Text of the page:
Beverage intake during pregnancy and childhood adiposity.
        Pediatrics. 2017; 140e20170031
        • Azad MB
        • Sharma AK
        • De Souza RJ
        • et al.
        Association between artificially sweetened beverage consumption during pregnancy and infant body mass index.
        JAMA Pediatr. 2016; 170: 662-670
        • Zhu Y
        • Olsen SF
        • Mendola P
        • et al.
        Maternal consumption of artificially sweetened beverages during pregnancy, and offspring growth through 7 years of age: A prospective cohort study.
        Int J Epidemiol. 2017; 46: 1499-1508
        • Walker RW
        • Dumke KA
        • Goran MI.
        Fructose content in popular beverages made with and without high-fructose corn syrup.
        Nutrition. 2014; 30: 928-935
      1. National Cancer Institute. Dietary screener questionnaire in the NHANES 2009-10. http://appliedresearch.cancer.gov/nhanes/dietscreen/. Accessed October 9, 2020.

        • WHO Multicentre Growth Reference Study Group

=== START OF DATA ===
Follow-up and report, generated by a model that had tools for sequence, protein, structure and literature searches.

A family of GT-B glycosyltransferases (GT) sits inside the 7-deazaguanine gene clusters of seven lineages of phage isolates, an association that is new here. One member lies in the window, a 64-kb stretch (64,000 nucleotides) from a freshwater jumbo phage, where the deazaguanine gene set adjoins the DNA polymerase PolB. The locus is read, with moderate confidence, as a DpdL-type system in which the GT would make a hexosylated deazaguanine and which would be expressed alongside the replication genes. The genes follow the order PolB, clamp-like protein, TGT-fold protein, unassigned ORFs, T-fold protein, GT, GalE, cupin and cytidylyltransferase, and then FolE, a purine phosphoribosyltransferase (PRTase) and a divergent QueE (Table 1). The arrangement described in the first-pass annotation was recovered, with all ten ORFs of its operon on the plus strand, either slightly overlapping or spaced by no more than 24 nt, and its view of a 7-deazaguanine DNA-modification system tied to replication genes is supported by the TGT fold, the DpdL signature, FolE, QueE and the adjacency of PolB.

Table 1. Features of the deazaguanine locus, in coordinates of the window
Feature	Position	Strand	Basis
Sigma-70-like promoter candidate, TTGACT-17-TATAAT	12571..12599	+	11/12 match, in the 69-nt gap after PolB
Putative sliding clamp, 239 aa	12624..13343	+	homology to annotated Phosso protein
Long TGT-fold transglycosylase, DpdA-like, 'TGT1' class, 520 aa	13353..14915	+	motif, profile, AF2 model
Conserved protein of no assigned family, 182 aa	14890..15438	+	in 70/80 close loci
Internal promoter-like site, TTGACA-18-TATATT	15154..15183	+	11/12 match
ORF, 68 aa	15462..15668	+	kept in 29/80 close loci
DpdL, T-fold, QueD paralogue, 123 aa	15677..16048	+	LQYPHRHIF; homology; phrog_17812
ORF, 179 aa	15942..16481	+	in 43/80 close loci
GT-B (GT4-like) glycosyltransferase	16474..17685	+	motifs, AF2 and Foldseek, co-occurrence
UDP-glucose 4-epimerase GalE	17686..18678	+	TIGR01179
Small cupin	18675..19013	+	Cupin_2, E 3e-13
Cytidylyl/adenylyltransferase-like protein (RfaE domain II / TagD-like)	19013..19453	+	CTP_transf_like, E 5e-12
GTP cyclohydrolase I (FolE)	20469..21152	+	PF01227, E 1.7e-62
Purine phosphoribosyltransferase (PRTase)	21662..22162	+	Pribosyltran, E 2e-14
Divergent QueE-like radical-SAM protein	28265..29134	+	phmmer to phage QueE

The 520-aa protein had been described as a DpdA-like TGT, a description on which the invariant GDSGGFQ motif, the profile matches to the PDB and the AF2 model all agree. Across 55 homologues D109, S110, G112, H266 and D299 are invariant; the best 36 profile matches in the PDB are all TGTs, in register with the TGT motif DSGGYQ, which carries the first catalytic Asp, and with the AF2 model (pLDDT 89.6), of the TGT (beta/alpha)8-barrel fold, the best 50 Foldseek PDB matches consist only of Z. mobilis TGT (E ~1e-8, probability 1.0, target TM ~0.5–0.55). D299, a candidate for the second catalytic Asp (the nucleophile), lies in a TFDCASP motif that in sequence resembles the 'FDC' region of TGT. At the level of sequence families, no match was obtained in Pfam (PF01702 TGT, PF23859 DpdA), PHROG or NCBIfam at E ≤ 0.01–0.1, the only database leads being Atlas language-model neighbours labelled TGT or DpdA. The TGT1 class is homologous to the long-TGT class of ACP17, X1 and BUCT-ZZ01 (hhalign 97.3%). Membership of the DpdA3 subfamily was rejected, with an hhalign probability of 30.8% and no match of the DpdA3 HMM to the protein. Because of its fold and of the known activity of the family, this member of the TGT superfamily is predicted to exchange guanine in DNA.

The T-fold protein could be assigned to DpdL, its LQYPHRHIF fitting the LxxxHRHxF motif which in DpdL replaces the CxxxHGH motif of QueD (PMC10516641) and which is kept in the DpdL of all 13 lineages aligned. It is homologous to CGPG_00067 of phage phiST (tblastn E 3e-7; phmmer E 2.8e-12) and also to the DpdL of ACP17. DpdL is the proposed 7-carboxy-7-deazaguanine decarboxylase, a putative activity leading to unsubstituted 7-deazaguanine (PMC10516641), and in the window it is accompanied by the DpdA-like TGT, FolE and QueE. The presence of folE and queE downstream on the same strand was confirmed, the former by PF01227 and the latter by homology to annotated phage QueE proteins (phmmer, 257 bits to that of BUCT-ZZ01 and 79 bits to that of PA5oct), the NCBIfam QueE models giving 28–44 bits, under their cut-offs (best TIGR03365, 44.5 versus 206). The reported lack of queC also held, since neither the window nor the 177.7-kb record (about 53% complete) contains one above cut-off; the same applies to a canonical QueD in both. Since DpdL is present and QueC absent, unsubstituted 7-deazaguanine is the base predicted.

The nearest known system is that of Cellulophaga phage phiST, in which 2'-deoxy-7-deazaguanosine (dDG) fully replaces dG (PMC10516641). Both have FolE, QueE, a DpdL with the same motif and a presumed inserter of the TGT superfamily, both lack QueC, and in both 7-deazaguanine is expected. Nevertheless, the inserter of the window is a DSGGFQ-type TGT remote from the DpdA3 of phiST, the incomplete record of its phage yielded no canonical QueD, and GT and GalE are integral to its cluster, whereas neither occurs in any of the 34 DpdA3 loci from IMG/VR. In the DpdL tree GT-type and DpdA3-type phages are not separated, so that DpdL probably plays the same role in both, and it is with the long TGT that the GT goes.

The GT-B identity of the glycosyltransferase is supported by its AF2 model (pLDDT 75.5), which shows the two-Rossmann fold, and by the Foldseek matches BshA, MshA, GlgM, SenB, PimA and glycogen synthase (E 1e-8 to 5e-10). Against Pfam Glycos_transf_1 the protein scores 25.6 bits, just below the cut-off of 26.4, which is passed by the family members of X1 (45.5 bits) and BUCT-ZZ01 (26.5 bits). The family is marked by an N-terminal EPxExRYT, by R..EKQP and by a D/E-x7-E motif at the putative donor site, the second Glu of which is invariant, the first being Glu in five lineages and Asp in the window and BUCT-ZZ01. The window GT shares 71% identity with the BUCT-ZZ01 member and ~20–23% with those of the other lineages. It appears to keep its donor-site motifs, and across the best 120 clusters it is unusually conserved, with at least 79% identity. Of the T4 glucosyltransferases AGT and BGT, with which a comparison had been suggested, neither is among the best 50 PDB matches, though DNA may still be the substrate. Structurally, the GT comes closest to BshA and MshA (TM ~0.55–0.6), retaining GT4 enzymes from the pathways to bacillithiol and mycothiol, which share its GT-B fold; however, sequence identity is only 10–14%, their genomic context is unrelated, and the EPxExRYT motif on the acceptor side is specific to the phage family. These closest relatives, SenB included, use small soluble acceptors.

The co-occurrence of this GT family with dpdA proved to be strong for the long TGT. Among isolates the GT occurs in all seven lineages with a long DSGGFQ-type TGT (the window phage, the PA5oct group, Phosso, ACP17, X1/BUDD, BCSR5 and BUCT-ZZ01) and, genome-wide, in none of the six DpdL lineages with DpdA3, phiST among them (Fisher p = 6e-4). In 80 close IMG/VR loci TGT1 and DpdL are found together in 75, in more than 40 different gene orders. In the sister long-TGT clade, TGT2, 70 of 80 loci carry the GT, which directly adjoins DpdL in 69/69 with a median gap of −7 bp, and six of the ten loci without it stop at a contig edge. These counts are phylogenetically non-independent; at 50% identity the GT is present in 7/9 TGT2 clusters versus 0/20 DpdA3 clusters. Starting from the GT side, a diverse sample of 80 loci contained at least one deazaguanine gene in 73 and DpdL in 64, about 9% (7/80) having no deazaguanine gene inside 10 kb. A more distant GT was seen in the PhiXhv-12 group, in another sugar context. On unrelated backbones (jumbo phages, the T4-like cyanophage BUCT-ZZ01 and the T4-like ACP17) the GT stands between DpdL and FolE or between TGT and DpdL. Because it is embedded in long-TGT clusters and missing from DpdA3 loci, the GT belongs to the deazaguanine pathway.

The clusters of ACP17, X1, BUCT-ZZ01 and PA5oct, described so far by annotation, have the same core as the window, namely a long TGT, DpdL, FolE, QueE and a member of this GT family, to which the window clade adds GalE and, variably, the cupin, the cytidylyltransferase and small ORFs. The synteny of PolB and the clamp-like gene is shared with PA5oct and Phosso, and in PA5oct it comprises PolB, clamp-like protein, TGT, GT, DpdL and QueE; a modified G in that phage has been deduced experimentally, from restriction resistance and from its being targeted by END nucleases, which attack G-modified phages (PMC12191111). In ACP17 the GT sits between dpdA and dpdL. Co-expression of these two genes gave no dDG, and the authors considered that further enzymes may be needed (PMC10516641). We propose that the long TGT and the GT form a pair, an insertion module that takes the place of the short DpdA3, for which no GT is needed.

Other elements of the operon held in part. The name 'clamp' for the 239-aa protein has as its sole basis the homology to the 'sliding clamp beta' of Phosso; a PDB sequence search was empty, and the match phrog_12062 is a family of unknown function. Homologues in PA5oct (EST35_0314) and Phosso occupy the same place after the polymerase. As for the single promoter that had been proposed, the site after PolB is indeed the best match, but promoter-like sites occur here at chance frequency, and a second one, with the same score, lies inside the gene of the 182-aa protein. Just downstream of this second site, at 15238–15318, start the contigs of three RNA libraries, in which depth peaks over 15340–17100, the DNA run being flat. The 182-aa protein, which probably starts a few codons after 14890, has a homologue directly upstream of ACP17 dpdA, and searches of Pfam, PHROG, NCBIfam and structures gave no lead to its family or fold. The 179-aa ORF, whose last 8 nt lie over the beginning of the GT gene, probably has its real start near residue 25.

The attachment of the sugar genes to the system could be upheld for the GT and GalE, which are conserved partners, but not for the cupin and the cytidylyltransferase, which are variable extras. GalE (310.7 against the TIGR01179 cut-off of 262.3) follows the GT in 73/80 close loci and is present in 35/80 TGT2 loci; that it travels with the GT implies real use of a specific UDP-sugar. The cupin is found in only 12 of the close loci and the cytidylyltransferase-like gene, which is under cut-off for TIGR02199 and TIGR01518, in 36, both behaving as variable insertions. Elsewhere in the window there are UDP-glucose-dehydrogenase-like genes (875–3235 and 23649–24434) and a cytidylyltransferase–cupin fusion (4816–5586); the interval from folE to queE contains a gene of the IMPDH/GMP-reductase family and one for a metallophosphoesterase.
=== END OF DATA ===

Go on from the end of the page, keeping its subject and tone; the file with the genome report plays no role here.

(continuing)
WHO Child Growth Standards: Length/Height-for-Age, Weight-for-Age, Weight-for-Length, Weight-for-Height and Body Mass Index-for-Age: Methods and Development.
        2006 (Geneva)
      2. United States Department of Agriculture. Publication of the 2020-2021 Special Supplemental Nutrition Program for Women, Infants and Children (WIC) Income Eligibility Guidelines.https://www.fns.usda.gov/resource/publication-2020-2021-special-supplemental-nutrition-program-women-infants-and-children. Published 2020. Accessed October 9, 2020.

        • Watt TT
        • Appel L
        • Roberts K
        • et al.
        Sugar, stress, and the supplemental nutrition assistance program: early childhood obesity risks among a clinic-based sample of low-income Hispanics.
        J Community Health. 2013; 38: 513-520
        • Symonds ME
        • Sebert SP
        • Hyatt MA
        • et al.
        Nutritional programming of the metabolic syndrome.
        Nat Rev Endocrinol. 2009; 5: 604-610
        • Pereira TJ
        • Moyce BL
        • Kereliuk SM
        • et al.
        Influence of maternal overnutrition and gestational diabetes on the programming of metabolic health outcomes in the offspring: experimental evidence.
        Biochem Cell Biol. 2015; 93: 438-451
      3. U.S. Department of Agriculture. Eat healthy: fruits. ChooseMyPlate. https://www.choosemyplate.gov/eathealthy/fruits. Accessed October 13, 2020.